Design + nature take on urban blight at Filene’s
As Bostonians are only too aware, the heart of Downtown Crossing currently features a gaping pit between preserved building facades: the stalled Filene’s redevelopment project. The development went on hold after the economic crisis of 2008. As a measure of hope, designers were recently invited to reimagine the blighted area. CRJA submitted two designs alongside 20 other architects, artists, and designers. The designs were featured last month in the Boston Globe and on its Web site, boston.com.
Here’s the design I submitted, Urban Gardens, along with a little background on its genesis:
This design is an opportunity for the existing Filene’s block to host nature in an otherwise blighted urban setting. The design inspiration is informed by the biological phenomenon known as mutual symbiosis (or mutualism). This is when two unlike organisms benefit from each other. Using the biological principles of mutualism conceptually, the framework of the design presents itself scientifically and artistically. The existing Filene’s structure acts as host for a variety of technological and biological elements, including vertical garden, light installation, sustainable energy power plant, and artificial wildlife habitat. Ultimately the design intent is for the passersby to question the relationship between nature and the urban environment.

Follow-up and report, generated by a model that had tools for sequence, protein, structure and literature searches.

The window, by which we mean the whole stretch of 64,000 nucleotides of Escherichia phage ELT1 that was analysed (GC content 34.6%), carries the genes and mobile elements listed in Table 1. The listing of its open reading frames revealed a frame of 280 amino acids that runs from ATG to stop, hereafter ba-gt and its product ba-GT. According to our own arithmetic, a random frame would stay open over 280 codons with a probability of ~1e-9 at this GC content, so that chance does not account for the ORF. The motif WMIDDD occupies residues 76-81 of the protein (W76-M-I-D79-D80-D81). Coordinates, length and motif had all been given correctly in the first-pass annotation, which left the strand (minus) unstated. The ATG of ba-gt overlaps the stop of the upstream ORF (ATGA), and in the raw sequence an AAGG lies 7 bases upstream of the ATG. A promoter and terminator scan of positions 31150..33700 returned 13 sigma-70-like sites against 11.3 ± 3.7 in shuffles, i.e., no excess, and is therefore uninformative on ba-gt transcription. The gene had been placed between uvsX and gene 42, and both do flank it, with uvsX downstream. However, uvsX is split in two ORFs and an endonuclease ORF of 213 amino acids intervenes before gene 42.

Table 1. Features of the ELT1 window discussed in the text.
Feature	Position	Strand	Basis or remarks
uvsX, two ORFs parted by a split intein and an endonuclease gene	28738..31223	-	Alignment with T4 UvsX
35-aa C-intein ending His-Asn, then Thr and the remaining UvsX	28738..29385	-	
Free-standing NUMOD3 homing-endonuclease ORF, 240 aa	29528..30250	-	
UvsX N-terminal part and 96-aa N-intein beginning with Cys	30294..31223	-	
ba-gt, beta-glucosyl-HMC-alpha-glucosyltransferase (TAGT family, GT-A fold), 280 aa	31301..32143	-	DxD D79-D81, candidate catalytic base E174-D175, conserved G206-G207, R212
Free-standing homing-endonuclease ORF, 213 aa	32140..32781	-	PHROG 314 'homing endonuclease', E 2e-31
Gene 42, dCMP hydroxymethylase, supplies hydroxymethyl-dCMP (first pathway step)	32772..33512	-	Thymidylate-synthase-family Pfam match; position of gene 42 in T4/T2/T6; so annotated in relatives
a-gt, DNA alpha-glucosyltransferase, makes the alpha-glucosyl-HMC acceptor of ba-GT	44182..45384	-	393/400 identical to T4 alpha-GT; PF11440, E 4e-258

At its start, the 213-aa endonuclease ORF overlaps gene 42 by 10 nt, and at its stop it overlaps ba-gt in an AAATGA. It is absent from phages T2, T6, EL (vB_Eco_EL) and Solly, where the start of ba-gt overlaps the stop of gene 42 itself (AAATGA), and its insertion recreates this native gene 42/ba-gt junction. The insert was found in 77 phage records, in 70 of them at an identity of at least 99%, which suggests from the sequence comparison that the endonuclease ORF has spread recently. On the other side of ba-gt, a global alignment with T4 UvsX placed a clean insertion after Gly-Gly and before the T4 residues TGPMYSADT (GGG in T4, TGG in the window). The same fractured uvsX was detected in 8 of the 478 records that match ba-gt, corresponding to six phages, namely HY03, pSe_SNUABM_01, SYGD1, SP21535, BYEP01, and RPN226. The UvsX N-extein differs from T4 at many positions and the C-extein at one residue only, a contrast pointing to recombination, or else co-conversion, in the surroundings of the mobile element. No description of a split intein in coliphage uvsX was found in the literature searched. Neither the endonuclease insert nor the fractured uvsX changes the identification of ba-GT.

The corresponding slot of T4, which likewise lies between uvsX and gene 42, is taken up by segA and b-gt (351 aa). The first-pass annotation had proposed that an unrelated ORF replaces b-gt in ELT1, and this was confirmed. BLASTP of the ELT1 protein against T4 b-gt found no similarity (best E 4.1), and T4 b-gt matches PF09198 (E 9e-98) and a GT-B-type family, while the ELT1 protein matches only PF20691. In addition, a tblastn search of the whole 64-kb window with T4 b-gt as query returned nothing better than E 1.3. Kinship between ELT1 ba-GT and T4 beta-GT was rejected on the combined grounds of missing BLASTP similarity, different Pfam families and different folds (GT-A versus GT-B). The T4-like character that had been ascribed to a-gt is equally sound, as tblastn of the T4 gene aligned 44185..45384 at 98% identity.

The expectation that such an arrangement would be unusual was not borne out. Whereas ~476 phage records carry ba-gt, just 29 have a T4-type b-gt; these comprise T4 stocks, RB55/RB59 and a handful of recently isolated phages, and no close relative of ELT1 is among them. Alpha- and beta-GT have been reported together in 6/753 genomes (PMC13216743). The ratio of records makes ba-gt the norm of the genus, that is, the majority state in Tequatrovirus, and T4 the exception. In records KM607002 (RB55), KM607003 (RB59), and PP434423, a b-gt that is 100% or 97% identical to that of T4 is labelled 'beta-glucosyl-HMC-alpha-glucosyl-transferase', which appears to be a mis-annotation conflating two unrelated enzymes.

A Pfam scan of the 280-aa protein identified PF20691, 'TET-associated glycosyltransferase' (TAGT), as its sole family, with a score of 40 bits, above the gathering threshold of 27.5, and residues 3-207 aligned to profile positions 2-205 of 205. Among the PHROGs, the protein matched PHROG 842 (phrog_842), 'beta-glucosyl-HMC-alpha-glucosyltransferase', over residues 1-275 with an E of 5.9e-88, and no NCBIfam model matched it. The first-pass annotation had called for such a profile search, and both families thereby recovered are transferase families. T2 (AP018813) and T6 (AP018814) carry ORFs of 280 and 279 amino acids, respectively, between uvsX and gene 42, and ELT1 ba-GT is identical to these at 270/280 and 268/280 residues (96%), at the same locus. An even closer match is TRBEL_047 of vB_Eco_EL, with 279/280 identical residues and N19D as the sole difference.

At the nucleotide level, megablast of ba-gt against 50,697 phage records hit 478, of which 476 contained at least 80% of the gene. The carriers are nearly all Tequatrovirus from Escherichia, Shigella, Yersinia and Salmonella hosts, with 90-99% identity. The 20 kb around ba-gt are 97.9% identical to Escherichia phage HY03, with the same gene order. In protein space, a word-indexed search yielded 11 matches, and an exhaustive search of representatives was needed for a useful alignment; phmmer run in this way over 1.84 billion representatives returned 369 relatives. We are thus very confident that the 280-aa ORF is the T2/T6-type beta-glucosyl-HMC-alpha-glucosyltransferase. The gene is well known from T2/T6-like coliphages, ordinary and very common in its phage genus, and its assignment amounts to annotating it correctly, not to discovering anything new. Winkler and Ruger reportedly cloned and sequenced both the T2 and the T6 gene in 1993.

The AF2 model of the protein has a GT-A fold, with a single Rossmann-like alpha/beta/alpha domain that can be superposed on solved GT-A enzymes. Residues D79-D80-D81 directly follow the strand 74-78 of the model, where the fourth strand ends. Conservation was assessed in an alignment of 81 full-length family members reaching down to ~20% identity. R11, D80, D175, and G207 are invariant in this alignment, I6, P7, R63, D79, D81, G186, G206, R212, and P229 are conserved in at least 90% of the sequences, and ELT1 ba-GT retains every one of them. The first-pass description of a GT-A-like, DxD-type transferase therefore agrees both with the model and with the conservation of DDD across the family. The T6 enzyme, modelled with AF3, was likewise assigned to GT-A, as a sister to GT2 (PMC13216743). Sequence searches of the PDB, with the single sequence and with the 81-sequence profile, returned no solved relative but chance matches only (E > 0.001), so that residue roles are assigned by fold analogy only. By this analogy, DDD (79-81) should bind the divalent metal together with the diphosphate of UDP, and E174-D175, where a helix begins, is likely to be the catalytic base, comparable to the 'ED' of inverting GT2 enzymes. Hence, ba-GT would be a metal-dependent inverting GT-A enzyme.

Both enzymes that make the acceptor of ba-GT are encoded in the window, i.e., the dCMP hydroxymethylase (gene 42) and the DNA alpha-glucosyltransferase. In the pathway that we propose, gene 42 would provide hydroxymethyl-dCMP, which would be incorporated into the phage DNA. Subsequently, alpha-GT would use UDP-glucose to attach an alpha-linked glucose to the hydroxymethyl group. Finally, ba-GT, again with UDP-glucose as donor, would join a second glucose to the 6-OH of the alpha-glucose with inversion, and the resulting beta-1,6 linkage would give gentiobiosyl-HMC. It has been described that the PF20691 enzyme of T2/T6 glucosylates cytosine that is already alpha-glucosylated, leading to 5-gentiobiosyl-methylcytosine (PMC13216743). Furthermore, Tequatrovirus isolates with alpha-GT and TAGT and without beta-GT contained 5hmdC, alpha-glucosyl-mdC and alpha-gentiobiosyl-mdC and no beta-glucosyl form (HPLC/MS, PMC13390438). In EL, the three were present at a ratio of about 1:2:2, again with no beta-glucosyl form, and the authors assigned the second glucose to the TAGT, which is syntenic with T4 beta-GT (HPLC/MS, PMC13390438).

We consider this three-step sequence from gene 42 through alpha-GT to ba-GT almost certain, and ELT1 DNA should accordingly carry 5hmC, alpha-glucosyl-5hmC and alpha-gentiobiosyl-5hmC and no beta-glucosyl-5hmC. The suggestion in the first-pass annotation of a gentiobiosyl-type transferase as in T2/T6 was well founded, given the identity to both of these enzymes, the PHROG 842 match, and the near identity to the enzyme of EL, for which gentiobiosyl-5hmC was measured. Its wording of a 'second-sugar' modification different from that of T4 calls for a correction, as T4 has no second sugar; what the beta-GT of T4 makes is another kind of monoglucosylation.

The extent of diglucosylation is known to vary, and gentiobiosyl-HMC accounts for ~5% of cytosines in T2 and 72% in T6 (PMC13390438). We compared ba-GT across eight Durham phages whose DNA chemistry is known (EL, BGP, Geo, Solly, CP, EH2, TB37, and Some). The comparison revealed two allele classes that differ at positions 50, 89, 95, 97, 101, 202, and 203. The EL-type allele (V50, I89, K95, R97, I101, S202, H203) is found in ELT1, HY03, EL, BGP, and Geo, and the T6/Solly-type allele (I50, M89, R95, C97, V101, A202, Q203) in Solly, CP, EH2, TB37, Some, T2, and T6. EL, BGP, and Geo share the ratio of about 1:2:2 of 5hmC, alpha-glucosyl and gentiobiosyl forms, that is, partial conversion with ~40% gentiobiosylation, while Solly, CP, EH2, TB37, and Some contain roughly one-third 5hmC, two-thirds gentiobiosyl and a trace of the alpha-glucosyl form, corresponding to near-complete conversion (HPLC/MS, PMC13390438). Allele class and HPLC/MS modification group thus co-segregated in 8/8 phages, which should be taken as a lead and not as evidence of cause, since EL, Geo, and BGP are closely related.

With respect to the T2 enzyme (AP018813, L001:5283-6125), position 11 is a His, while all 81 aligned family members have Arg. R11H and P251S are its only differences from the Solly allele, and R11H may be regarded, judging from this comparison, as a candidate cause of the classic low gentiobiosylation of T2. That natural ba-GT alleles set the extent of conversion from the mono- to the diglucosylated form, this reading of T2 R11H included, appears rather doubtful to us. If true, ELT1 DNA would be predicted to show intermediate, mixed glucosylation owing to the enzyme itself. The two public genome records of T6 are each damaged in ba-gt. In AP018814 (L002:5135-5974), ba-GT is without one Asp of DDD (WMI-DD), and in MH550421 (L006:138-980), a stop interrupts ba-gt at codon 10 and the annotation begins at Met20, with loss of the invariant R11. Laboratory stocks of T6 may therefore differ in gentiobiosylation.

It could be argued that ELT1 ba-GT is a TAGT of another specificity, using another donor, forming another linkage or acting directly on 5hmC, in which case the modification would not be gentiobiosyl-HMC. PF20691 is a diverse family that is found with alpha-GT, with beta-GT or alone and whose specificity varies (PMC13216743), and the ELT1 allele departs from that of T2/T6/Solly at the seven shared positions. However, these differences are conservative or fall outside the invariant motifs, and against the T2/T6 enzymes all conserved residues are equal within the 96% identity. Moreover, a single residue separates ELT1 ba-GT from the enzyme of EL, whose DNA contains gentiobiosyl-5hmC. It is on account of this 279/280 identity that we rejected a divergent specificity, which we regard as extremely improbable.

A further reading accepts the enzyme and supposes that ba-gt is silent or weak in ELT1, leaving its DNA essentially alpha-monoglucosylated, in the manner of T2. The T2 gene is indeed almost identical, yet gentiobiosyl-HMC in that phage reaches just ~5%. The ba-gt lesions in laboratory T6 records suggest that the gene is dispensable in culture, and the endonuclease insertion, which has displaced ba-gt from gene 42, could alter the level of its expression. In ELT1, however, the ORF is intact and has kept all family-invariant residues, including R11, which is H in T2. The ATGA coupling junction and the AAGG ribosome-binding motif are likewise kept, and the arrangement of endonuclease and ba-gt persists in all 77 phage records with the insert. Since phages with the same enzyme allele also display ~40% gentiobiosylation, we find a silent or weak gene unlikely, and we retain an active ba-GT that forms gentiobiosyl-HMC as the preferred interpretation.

Here are a few ideas that I didn’t submit, taken from the cutting room floor:
On the left, Running of the Brides: A campy take on Filene’s traditional bridal event. The idea was to drape the building in oversized veils, wedding dresses and garters.
And on the right, Urban Diving: This one was an attempt to interpret the collective mood after the 2008 financial crisis through performance art. En masse diving events would occur on Friday in synchronization with the closing bell of Wall Street.
by Travis Ewen